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Scratch-Made, Individually Tuned Car AI; Expert AI, proven, for old (and new) AI
Topic Started: Aug 9 2012, 04:38 PM (7,029 Views)
Gotolei
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Let's try something
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Splitting off of the General Moss thread, I've been having a bit of difficulty with this.

Most of my confusion is the exact definitions of "oversteer" and "understeer" in the context of the AI engine. So far I've just been going off the assumption that 'oversteer = too close to or hitting apex' and 'understeer = hitting outside of turn or braking to avoid said hitting.'
It doesn't specify.. oversteer means put -1 in a cell and understeer means put +1?
What exactly are OverMax/UnderMax and the tweaked values UnderThresh/OverThresh doing, and what behaviors should I watch for?
How do you quantify accuracy on a slippery surface without any walls around?

Does this apply for all versions of 1.2 after and/or including 13.0815?

Also I'm running -dev -gazzasaicar and I'm not getting any text feedback for AI State or anything in Edit Mode: None. Is that a key combo or something?
Didn't know about the other gazza arguments, found on wiki.
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Citywalker
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Okay, time for some Q&A.

Q1: I'm running -dev -gazzasaicar and I'm not getting any text feedback for AI State or anything in Edit Mode: None. Is that a key combo or something?
A1: The data is an unneeded distraction anyway, AI tuning is purely visual. See that yellow circle leading the car? It marks the middle of the next track segment, on the race line. The point is to see how well the car follows that lead. Even walls are irrelevant, everything depends on where the race line was put.

Q2: Most of my confusion is the exact definitions of "oversteer" and "understeer" in the context of the AI engine. So far I've just been going off the assumption that 'oversteer = too close to or hitting apex' and 'understeer = hitting outside of turn or braking to avoid said hitting.'
A2: Swinging the rear too much in a curve and then failing to straighten up, or even rear-ending itself – that is oversteer. Going too straight in a curve and blasting right out of it – that is understeer for Re-Volt AI.

Q3: What behaviors should I watch for?
A3: The tuning values (tuned Threshes with appropriate Max pair) should hit the sweet spot (the “fringe”) between the car oversteering and the car understeering (see question 2) where the car is able to smoothly follow the leading circle i.e. the racing line.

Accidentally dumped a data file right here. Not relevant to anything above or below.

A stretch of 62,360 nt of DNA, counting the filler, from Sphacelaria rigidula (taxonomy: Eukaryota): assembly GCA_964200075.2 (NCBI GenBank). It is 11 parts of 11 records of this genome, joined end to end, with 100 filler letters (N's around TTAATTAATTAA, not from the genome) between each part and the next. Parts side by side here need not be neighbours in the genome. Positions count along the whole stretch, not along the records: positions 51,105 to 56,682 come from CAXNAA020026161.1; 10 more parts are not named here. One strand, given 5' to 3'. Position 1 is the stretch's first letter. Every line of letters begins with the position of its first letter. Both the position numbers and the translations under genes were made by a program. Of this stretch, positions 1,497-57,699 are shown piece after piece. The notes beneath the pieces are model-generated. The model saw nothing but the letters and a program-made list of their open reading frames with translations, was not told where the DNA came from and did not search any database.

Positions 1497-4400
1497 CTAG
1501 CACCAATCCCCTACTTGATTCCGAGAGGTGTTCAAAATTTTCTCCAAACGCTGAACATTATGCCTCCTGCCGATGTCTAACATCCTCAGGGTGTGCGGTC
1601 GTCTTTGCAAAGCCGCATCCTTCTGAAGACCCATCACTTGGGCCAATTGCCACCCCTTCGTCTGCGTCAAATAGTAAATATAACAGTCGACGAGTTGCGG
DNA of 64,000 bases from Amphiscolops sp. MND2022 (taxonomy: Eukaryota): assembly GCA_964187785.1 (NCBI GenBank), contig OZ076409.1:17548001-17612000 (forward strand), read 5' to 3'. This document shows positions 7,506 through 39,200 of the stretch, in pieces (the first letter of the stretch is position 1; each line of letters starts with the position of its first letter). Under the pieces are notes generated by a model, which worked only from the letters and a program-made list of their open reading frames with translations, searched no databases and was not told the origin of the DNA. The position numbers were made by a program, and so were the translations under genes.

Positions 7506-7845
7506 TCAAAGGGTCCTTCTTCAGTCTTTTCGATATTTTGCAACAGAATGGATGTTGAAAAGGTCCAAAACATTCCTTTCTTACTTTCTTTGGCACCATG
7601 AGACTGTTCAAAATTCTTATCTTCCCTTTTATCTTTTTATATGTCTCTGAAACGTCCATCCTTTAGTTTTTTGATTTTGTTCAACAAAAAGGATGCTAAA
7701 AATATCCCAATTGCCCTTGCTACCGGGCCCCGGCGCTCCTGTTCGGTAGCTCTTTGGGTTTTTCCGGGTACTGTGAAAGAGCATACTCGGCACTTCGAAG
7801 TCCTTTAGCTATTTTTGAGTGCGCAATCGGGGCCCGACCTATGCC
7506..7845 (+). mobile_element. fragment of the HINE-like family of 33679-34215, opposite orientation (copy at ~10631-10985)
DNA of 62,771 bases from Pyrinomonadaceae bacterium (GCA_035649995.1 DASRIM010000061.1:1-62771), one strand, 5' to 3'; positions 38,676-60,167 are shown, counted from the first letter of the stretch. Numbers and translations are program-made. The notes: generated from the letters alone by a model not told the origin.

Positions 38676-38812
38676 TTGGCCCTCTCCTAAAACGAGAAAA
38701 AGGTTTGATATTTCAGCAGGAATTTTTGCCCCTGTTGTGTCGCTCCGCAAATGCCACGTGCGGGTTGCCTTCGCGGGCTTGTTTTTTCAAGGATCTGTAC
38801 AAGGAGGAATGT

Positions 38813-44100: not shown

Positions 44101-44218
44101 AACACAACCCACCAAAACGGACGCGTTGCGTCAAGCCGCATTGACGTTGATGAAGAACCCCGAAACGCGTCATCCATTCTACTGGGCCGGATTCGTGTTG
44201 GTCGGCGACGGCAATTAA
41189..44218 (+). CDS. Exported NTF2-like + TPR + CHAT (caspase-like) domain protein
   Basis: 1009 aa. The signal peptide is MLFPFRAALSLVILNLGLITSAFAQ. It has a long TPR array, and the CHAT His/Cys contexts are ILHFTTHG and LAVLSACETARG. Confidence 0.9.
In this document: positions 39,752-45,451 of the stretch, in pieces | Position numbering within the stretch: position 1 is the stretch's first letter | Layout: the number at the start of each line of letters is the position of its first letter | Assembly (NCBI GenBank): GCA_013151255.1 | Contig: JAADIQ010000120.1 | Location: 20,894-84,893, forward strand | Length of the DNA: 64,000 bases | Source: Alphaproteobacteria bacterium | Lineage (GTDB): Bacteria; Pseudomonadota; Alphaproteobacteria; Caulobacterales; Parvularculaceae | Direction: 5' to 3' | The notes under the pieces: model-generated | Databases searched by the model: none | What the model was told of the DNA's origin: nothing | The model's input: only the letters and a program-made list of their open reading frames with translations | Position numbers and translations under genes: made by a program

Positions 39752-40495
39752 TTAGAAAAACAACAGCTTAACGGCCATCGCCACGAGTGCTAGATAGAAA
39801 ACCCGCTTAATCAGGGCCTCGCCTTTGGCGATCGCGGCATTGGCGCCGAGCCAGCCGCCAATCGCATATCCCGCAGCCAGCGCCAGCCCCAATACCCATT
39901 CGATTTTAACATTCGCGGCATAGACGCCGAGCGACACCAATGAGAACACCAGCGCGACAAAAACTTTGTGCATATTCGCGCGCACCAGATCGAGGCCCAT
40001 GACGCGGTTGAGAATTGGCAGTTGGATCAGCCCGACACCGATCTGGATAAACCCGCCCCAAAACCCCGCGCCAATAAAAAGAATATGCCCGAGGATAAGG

a) Choose the easy runner setup. See whether the car is on oversteer or understeer side of the fringe. If it runs well with that setup, it’s an easy runner and needs no tuning.
B) If it’s not an easy runner then choose the oversteer pair or understeer pair for the Maxes, depending on what the car did with the easy runner setup. Then tune the Threshes to find the fringe (sweet spot where the car smoothly follows the lead / race line).
c) If there’s no fringe (you end up with a value that both oversteers and understeers in different places) then try the powerslide pair or even the normal steer pair. There are very few cars that completely stump the AI (they usually have highly special physics).
d) Also, Re-Volt’s static AI might not be able to cope with both very slow slides and very fast slides with the same car, so cars with very high top speed may need a compromise: tune for low speeds on twisty tracks or high speeds on smoother tracks.

Q4: It doesn't specify.. oversteer means put -1 in a cell and understeer means put +1?
A4: -1 simply makes the next Thresh value lower and +1 makes it higher (for the stepwise fine-tuning). The Max pair is what depends on oversteer, understeer or powerslide/drift behaviour. (I thought the spreadsheet specifically specified that?)

Q5: How do you quantify accuracy on a slippery surface without any walls around?
A5: The same way – observe it following the lead circle and see that it stays within the track section’s AI borders (coloured lines). See question 1, walls are irrelevant.

Q6: Why choose the oversteer pair and not the normal steer pair (normal implies, well, normal)?
A6: It’s easier to choose this way. The oversteer pair covers both difficult and simple cars that oversteer with easy runner setup, whereas the normal steer pair is good for only simple cars and some exceptions. There are very few cars that can’t find the fringe with the oversteer pair while finding it with the normal steer pair.

Q7: Does this apply for all versions of 1.2 after and/or including 13.0815?
A7: See the latest alpha’s readme, it says when the AI was made experimental and when it was mostly restored again. Anything after that period, and definitely anything before uses the AI params.

Q8: What exactly are OverMax/UnderMax and the tweaked values UnderThresh/OverThresh doing?
A8: A very detailed answer: there.
A much simpler answer, in the context of the greatly simplified AI tuning method i.e. the “fringe” method:
• Here, OverMax/UnderMax simply determine whether the car compensates towards inside or outside when sliding in a curve. OverMax sets the steering direction when oversteering, UnderMax sets it in understeer situations. Why 1.0/2.0? That comes from the AI code.
• UnderThresh/OverThresh set the threshold for side-sliding speed – side-slide faster and the car compensates, side-slide slower and the car doesn’t bother. The side-slide speed unit is Re-Volt code’s arbitrary unit, that’s why visual tuning is better – the on-screen numbers make no sense (at least to me). Why is the threshold identical for oversteer and understeer situations? First: for the sake of simplicity in tuning. It would be too time-consuming to tune both Threshes separately, and most oversteering cars never hit an understeer situation so the UnderThresh value is not important for them (and vice versa).